WHEN I WAS growing up, my mother’s chandelier was her most beloved belonging and the reason my brothers were not allowed in the living room.
The chandelier was a nine-armed confection of crystal and bronze that was the birthplace of everything that sparkles. When the sun hit it just right, the lead-crystal pendalogues refracted candy-color rainbows on the walls that my Dennis the Menace brothers snuck in to lick.
April was the season for chandelier cleaning, a team sport in which my parents excelled. The two-day event involved painstakingly cleaning each crystal with rubbing alcohol and Q-tips. Then my mother, the team captain, would instruct my father in the proper technique for rehanging the crystal with a special pair of surgical tweezers.
This month, as I remember that happy, twinkly springtime ritual, I wonder why classic chandeliers have lost their luster. It’s true: Nobody wants a grandma chandelier (I can’t believe we’re even calling them that) anymore. Even as the millennials have championed every other vintage-furnishings trend imaginable—from spindle beds to cross-stitching—they have passed over the chandelier.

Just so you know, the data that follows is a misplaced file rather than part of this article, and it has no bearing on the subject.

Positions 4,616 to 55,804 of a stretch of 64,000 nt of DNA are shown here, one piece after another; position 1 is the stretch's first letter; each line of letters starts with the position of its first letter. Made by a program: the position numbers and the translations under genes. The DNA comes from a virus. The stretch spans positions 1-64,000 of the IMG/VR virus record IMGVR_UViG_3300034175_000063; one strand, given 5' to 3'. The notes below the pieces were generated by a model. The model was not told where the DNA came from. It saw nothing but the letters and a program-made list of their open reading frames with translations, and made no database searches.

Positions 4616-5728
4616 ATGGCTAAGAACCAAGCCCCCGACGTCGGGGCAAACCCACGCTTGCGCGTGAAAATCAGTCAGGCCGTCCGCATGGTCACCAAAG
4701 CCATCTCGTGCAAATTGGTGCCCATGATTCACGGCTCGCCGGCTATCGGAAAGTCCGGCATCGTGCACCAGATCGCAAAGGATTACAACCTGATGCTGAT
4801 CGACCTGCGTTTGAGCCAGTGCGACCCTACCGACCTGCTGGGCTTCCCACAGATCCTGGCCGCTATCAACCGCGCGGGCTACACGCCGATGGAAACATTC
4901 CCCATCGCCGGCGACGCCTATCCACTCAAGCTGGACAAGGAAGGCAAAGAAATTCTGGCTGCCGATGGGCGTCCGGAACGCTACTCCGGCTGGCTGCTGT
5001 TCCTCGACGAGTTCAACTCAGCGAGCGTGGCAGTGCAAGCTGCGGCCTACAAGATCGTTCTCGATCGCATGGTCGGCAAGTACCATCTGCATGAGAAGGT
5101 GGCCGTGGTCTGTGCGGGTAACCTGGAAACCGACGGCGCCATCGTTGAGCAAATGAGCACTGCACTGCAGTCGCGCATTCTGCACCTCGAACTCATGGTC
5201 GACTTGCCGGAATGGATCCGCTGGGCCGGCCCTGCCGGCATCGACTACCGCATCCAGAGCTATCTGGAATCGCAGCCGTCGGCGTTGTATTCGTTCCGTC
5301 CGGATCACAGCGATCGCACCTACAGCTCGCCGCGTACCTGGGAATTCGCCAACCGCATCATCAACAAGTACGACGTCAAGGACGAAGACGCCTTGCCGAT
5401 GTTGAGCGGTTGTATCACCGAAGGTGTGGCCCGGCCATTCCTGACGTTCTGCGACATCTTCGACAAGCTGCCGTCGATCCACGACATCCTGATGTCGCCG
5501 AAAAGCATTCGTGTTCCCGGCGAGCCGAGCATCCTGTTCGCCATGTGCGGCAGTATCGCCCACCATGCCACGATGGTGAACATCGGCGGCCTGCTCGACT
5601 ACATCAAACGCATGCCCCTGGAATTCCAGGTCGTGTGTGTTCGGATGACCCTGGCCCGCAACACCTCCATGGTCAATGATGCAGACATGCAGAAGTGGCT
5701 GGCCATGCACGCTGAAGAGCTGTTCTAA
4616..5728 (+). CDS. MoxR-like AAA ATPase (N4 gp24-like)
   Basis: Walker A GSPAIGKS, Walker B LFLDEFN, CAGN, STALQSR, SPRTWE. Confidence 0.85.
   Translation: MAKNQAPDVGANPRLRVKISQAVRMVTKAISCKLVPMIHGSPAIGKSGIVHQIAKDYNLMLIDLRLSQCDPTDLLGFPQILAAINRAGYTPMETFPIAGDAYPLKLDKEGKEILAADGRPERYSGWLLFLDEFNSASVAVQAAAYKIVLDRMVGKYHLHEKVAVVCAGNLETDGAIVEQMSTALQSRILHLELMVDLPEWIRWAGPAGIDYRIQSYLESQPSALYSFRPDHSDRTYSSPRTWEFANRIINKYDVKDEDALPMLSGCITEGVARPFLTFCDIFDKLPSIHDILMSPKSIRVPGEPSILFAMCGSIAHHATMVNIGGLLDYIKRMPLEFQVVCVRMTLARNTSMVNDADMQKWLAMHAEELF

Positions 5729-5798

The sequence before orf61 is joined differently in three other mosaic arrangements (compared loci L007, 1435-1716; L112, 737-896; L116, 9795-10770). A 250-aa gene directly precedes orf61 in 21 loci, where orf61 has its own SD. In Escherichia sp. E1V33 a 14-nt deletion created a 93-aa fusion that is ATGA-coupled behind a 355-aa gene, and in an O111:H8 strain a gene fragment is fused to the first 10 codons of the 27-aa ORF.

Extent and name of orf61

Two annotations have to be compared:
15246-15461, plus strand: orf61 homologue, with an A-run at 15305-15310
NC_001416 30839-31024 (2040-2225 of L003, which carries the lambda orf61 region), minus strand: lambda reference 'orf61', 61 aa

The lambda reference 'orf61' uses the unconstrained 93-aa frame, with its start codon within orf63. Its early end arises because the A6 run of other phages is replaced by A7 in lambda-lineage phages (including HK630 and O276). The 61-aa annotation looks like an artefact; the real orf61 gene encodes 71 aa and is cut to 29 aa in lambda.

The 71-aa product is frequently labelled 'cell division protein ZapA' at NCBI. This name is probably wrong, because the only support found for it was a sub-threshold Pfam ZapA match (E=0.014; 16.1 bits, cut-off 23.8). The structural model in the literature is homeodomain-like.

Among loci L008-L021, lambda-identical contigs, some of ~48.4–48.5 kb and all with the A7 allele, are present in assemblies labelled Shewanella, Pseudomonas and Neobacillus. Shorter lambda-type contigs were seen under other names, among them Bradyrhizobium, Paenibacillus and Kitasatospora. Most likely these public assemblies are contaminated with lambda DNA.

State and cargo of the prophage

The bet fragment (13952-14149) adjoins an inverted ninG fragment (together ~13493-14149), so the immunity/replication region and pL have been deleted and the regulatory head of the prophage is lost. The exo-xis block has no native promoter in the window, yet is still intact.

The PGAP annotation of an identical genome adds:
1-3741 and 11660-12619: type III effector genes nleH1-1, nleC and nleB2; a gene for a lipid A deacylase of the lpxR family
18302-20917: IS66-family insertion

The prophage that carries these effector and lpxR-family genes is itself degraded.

“The new generation wants nothing to do with crystal chandeliers,” said Michael Lombardo, a Philadelphia chandelier restorer who specializes in cleaning, installing and repairing crystal fixtures.